But hey, the rhetoric works or he wouldn't use it. Some folks want to believe, like in aliens, unicorns and winning the lottery. It's better than believing in a world where religious extremists unafraid to die pursue hobbies like decapitation with steak knives, forcing airline passengers into unscheduled stops in buildings, or to exit such structures through the windows. To believe Bush and the Joooos are the culprits requires only a new president to fix things, backed by the occasional and justified Katyusha rocket attack from the keffiyah resistance, of course.

There's your change. Obama is running on it, and he's just Gore with a slicker delivery.

Shark Attack!

Good Lord, is that 53 year old Greg Norman leading the British Open after three rounds? Yep. Thank you Tiger for blowing out your knee while nipping 82 year old Rocco Mediate in the US Open so we could get one final Sunday with Greg in contention in a major.

I'll stay away from all that stuff about his divorce and remarriage to tennis great Chrissy Evert, I'm just enjoying the 70s flashback. Maybe the Little River Band will show up and play "Help is on the Way" with an appearance by Bjorn and Martina.

Anyway, if Norman melts down during the final round it won't matter (unlike the 1996 Masters) because he's clearly performing way above expectations at this point. Who knows, it's an advantage he never had before. And while he may be known more for not getting it done at clutch time I'll certainly remember the showman who won the 1997 Memphis Fed Ex tournament by sinking a long curling putt on the final hole. Good luck, Shark.

MORE 7/20/08

To be clear, the above wasn't meant to be gleeful about Tiger's injury. His performance against Mediate in the US Open was almost other worldly considering the nature of his at the time, hidden injuries. Almost certainly, if he were healthy then Norman's performance wouldn't be the main headline going into today.

JOLLY GOOD 7/20/08

If it were any other 53 year old golfer Norman's weekend story would be miraculous (well, perhaps until Tiger reaches his 50s). But it was Greg Norman, who had one more chance to exorcise the demons and change a legacy marred not only by his own failures but by several miracles pulled off by his competitors at the last minute. Alas, the story remains the same. Consolation prize--another return to Augusta.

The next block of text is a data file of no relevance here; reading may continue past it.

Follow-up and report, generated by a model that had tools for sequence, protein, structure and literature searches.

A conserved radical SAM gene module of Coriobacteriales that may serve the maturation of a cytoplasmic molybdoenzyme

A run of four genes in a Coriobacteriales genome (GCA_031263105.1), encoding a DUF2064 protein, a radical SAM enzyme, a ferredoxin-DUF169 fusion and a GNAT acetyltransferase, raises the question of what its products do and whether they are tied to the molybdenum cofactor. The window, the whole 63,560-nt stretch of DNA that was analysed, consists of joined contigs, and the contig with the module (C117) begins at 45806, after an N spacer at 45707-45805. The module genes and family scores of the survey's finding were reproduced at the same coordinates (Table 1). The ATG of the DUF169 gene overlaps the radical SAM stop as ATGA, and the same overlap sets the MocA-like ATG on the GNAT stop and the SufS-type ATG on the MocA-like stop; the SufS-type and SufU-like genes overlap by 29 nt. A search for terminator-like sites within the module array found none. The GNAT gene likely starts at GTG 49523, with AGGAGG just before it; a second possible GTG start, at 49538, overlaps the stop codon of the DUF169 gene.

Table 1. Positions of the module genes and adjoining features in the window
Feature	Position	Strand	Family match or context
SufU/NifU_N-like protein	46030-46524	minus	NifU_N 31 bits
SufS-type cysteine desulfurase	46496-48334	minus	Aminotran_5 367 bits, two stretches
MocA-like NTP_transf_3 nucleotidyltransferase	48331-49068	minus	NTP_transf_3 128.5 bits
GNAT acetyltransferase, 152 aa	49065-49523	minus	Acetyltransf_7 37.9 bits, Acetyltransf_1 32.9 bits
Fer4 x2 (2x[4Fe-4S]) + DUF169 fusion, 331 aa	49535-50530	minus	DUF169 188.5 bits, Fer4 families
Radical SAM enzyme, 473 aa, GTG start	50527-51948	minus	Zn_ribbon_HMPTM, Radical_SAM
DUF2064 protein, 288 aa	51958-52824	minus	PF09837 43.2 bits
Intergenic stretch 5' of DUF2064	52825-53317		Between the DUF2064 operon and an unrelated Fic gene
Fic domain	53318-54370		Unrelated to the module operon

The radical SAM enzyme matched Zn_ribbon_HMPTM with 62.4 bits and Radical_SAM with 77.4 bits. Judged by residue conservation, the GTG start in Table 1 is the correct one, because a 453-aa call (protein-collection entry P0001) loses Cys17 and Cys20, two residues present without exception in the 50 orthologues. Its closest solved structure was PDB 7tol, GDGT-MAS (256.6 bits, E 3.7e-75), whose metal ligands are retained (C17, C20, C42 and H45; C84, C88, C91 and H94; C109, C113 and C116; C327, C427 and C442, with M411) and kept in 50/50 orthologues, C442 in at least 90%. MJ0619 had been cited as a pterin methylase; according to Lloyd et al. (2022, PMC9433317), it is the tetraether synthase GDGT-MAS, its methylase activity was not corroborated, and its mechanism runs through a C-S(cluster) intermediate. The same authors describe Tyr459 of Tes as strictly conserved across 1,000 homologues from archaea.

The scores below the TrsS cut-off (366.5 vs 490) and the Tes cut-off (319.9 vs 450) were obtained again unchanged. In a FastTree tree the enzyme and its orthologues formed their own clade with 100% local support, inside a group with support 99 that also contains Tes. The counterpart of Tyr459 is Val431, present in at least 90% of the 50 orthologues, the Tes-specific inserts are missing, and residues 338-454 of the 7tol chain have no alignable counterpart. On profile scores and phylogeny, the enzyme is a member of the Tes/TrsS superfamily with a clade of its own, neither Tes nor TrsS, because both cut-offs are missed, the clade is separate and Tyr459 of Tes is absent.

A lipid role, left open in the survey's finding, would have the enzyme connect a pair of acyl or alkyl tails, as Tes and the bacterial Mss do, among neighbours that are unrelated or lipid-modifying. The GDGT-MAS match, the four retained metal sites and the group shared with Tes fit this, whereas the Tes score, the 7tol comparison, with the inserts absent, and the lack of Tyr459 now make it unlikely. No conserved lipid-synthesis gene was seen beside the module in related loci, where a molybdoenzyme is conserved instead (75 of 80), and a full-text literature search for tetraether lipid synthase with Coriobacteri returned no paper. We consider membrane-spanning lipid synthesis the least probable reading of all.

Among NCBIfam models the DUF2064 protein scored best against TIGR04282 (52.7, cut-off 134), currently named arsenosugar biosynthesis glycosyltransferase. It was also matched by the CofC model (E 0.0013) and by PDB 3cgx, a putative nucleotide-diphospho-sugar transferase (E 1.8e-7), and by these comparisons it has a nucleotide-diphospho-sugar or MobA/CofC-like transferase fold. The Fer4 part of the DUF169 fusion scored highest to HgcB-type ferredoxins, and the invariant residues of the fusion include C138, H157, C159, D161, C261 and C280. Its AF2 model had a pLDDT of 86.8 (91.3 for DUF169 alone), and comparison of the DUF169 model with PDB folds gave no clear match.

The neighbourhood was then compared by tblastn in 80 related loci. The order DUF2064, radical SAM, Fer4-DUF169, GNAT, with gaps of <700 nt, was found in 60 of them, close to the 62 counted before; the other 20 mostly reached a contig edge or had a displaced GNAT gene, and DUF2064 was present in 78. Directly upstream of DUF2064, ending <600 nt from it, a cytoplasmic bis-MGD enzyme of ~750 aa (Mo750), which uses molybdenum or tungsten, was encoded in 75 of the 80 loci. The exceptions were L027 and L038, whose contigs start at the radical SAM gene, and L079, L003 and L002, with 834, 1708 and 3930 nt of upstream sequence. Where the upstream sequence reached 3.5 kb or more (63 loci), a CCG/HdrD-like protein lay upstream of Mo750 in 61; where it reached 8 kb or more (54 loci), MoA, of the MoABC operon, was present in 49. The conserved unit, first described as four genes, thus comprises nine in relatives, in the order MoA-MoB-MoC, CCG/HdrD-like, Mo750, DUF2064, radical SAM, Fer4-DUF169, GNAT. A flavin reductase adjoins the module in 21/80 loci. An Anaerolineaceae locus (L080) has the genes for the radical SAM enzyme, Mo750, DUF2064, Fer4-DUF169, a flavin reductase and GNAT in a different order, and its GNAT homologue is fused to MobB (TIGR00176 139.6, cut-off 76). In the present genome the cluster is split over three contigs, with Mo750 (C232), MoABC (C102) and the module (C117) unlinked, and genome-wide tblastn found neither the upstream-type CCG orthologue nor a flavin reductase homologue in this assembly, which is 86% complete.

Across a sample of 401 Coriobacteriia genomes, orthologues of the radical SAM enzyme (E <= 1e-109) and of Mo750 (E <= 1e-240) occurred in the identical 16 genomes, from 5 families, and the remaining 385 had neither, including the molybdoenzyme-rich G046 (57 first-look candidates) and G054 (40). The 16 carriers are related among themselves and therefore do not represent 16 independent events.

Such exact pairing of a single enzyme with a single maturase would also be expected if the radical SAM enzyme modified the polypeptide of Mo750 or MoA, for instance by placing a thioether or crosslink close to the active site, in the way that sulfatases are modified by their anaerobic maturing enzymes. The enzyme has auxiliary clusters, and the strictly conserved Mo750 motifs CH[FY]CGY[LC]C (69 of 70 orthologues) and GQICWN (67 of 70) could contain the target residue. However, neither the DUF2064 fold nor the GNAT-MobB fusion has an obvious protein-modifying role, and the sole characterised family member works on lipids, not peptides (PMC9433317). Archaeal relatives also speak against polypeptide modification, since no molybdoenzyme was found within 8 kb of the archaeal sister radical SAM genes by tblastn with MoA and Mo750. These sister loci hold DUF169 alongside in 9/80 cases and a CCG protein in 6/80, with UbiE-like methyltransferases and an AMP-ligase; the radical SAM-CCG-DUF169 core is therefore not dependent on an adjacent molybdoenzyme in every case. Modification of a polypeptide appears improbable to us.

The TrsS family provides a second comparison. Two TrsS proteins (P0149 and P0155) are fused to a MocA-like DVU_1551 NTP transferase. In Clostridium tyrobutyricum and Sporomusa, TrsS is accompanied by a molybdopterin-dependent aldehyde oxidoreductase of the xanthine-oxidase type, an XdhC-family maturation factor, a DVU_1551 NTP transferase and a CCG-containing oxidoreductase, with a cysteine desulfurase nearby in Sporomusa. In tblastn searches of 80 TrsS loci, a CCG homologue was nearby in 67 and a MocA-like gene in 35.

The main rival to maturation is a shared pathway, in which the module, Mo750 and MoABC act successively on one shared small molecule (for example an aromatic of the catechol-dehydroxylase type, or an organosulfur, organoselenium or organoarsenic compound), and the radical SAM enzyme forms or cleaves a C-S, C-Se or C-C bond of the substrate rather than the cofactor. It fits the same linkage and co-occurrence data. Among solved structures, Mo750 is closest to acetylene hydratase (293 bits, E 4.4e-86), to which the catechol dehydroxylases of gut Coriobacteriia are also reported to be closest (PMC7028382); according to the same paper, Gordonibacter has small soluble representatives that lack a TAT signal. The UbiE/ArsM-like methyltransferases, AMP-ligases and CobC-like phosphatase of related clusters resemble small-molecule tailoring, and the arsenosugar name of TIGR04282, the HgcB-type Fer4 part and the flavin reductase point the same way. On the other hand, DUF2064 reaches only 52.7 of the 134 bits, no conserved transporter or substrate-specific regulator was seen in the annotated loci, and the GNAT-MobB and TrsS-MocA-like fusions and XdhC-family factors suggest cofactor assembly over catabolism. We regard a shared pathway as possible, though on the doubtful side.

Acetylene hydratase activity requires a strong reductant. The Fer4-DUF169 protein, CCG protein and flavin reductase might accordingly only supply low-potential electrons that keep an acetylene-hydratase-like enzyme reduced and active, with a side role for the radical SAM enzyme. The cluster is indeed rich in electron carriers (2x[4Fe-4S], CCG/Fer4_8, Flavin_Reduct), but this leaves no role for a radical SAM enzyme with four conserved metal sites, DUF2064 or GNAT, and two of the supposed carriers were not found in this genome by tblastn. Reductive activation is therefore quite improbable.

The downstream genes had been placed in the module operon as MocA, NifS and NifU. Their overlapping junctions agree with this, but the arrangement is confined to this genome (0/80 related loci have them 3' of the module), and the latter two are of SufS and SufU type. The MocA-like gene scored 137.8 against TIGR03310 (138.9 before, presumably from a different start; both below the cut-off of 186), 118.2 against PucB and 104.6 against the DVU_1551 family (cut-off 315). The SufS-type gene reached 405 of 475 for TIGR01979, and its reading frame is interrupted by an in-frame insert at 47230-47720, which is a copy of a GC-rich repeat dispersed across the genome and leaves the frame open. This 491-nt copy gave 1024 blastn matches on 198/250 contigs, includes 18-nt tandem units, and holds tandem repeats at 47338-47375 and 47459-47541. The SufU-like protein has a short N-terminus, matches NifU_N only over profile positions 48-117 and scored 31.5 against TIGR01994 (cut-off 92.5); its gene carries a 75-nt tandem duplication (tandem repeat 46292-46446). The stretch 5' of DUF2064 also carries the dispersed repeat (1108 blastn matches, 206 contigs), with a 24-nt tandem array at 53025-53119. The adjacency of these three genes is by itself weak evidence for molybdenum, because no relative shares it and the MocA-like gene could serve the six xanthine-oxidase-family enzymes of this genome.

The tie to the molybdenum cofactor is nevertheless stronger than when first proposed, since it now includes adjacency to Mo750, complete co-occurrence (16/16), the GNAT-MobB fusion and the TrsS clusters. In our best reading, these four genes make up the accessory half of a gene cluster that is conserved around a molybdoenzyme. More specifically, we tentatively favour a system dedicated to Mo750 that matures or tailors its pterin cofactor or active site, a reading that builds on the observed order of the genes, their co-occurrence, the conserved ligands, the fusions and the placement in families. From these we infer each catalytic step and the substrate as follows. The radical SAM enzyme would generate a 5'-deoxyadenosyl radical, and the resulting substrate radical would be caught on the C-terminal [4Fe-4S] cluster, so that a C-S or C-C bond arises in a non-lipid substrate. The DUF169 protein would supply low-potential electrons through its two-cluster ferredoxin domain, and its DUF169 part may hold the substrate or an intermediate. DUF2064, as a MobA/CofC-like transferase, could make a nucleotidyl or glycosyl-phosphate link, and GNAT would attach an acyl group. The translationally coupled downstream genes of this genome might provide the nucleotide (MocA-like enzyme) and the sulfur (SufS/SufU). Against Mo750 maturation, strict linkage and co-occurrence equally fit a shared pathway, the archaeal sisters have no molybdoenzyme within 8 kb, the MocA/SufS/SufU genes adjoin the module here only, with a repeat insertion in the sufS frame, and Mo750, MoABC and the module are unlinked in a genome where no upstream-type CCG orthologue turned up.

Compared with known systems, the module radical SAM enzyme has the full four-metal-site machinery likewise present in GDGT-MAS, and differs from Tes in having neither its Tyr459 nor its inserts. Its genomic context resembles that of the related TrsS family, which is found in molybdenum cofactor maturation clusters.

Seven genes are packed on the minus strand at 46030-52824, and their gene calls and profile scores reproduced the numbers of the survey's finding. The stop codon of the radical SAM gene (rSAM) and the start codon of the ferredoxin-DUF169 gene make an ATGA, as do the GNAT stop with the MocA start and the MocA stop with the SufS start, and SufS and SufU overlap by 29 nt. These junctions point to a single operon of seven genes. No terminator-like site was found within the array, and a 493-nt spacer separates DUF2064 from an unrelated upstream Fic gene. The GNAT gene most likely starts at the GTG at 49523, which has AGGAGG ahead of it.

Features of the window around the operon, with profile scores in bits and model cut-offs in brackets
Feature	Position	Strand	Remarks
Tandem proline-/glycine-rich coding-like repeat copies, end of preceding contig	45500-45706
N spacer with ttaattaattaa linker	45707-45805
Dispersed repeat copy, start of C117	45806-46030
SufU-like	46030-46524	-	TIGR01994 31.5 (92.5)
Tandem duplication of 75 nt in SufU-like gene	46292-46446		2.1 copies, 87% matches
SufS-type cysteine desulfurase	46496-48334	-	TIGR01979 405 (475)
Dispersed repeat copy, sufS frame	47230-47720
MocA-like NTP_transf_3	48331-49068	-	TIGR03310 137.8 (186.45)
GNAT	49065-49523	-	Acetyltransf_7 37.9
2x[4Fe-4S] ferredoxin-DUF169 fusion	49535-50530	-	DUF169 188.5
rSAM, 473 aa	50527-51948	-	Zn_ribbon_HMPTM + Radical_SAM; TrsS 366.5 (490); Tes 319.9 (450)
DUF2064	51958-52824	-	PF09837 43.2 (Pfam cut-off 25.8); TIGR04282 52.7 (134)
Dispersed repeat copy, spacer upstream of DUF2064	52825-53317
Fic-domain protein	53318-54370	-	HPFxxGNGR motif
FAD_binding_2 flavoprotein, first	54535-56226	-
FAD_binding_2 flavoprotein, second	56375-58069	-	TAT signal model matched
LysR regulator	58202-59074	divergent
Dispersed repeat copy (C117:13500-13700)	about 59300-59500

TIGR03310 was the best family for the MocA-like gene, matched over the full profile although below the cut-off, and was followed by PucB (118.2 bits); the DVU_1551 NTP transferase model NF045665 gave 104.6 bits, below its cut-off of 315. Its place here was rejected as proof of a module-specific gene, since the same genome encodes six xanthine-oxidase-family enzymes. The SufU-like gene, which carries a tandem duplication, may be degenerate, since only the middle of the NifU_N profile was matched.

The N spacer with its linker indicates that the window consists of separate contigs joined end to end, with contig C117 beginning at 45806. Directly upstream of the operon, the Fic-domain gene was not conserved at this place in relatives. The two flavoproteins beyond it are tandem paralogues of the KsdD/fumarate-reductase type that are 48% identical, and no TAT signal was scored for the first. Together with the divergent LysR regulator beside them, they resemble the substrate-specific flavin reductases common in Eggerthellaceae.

As to the winner, a good-natured, unassuming Irishman named Paddy, he now has as many Claret Jugs as the Shark. Indeed it's a good day for the Irish, especially after a certain Englishman in the field bragged so much. Aye.

Saturday, July 19, 2008

Side tracks

In light of McCain's recent funny on Conan..

Here's a song about the long struggle to get to the top..

Oddly enough, the words seem pertinent to politicians as well, especially those with the battle scars to prove it.

The Neverending Story

MSNewsweek recently reported on Attorney General Mukasey's denial of a subpoena requesting the FBI 302 interview form from Cheney's 2004 sit-down about the Plame matter, expressing frustration and disappointment for Henry Waxman and for all the wasted champagne and party hats.

If noting else the story drew Tom Maguire out of his self-imposed Plame moratorium, postulating correctly that due to the nature of this claim the champagne and party hats could return during an Obama administration if the man of consensus so desires. As to Darth Cheney:
And Fitzgerald introduced a copy of the Wilson op-ed marked up in Cheney's handwriting with a mention of Wilson's wife.
Which leaves me a question. If Cheney was focusing on Wilson's wife from early June and was supposedly the first one to tell Libby why did he mark up a newspaper column from July 6 as if it was something new? Did he forget? After all, he's old and kinda sickly (consistency is a virtue).

Team Newsweek was full of questions, such as why the White House allowed Rove's 302 to be given to the committee but not Cheney's. Their hired expert said it was nearly unprecedented. Well, I'm neither an expert, lawyer, or hired, but it seems possible that Cheney's FBI interview might have focused on his White House conversations with close advisors, the very core of any executive privilege claim. If Rove's 302 focused mainly on what he told reporters, or what others in the administration below level of prez had told him, then it makes some sense.

Yes, both Cheney and Bush submitted themselves to interviews yet after hearing those interviews Fitzgerald didn't go after either, suggesting there wasn't much there of an incriminating nature. That leaves a standard privilege argument.